Moon-shaped flask with birds
Jingdezhen, Jiangxi province, China
Qing dynasty, Yongzheng mark/period, AD 1723-35
This moon flask has a flattened round body, tubular neck and cloud scroll handles. Its design is centuries old and refers to the porcelain bian hu first made at Jingdezhen for the Yongle emperor (AD 1403—24), but its decoration in terms of colours and technical skill is an innovation made during the Yongzheng period.
On one side, two bai tou weng (literally white-headed old man) birds are shown on the branches of a white and pink flowering branch, and on the other side a pair of white birds are shown perched in a different type of blossoming tree with a pair of butterflies fluttering above blue and purple asters. The detail used in the painting is remarkable, reflecting the fact that this piece was commissioned by the court and manufactured at the imperial kilns at Jingdezhen. Each group of naturalistic leaves is composed of up to four different shades of green and the shading on the blossoms is extraordinarily well defined.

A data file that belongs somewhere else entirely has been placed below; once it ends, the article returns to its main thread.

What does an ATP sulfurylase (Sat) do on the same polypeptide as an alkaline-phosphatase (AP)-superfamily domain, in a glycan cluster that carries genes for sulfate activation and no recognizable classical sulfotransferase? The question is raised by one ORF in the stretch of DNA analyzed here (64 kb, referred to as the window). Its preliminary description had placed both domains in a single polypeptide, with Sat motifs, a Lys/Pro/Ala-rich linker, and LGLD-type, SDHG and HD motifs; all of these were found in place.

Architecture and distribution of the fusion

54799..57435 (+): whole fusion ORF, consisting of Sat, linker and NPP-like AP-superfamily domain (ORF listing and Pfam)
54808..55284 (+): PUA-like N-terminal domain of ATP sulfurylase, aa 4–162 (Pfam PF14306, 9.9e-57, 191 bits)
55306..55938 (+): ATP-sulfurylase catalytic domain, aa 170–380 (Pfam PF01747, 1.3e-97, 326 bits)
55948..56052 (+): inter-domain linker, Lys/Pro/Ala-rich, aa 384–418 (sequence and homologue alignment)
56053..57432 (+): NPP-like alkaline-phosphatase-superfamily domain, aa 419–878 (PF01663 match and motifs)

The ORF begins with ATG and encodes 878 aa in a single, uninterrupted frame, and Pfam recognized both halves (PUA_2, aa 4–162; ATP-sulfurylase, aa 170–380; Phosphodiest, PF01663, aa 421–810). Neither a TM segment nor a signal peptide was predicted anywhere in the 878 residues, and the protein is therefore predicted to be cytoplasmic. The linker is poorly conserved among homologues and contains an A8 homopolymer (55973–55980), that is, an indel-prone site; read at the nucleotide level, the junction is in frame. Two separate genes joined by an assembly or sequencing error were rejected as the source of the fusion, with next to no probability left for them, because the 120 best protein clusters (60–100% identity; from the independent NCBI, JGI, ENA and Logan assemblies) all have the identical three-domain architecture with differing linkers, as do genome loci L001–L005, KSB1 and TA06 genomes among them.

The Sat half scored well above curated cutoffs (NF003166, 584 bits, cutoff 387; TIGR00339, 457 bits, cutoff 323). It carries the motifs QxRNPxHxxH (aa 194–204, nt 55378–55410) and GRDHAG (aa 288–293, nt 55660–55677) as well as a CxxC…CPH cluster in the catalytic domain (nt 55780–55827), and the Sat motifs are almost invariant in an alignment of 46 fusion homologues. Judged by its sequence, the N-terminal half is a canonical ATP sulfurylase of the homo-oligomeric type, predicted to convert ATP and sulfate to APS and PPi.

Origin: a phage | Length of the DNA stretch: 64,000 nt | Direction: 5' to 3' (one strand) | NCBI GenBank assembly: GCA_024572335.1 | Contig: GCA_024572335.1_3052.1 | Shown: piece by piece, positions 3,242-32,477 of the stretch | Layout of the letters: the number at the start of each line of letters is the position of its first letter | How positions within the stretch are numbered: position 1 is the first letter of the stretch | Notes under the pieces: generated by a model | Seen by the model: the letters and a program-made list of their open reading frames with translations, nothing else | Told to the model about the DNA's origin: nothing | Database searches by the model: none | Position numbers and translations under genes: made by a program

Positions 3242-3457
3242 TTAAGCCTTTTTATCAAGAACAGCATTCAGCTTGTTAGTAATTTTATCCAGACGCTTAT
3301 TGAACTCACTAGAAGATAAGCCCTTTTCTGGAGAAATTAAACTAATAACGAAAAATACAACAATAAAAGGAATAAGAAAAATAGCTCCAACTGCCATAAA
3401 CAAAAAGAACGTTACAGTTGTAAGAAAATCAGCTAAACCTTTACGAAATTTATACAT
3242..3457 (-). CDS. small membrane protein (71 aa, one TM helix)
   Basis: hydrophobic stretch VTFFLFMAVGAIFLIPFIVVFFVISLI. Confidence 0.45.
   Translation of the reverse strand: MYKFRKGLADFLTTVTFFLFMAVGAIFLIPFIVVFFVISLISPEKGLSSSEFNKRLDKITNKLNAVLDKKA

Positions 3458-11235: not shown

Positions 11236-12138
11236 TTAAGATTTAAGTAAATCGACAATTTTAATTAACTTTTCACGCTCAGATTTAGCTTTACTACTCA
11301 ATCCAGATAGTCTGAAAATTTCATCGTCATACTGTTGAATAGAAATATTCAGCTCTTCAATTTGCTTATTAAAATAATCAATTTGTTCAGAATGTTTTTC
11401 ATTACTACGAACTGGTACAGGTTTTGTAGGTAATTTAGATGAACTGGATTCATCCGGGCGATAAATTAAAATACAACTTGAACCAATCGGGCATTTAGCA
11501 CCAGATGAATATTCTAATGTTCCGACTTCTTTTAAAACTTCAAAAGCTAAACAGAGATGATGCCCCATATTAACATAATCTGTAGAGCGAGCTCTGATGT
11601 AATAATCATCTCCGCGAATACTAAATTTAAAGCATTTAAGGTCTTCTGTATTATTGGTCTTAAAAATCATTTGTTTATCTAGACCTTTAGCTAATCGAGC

The innovations come in the form of new colours used, including a blue enamel for the aster, which replaced underglaze blue, a white enamel for the birds’ wings, and puce for the birds’ legs and beaks. The birds are a rebus (a visual pun in which pictures represent words or parts of words) for bai tou fu gui (white haired (in old age) (may you enjoy) riches and honour).
Height: 293 mm
On loan from Sir Percival David Foundation of Chinese Art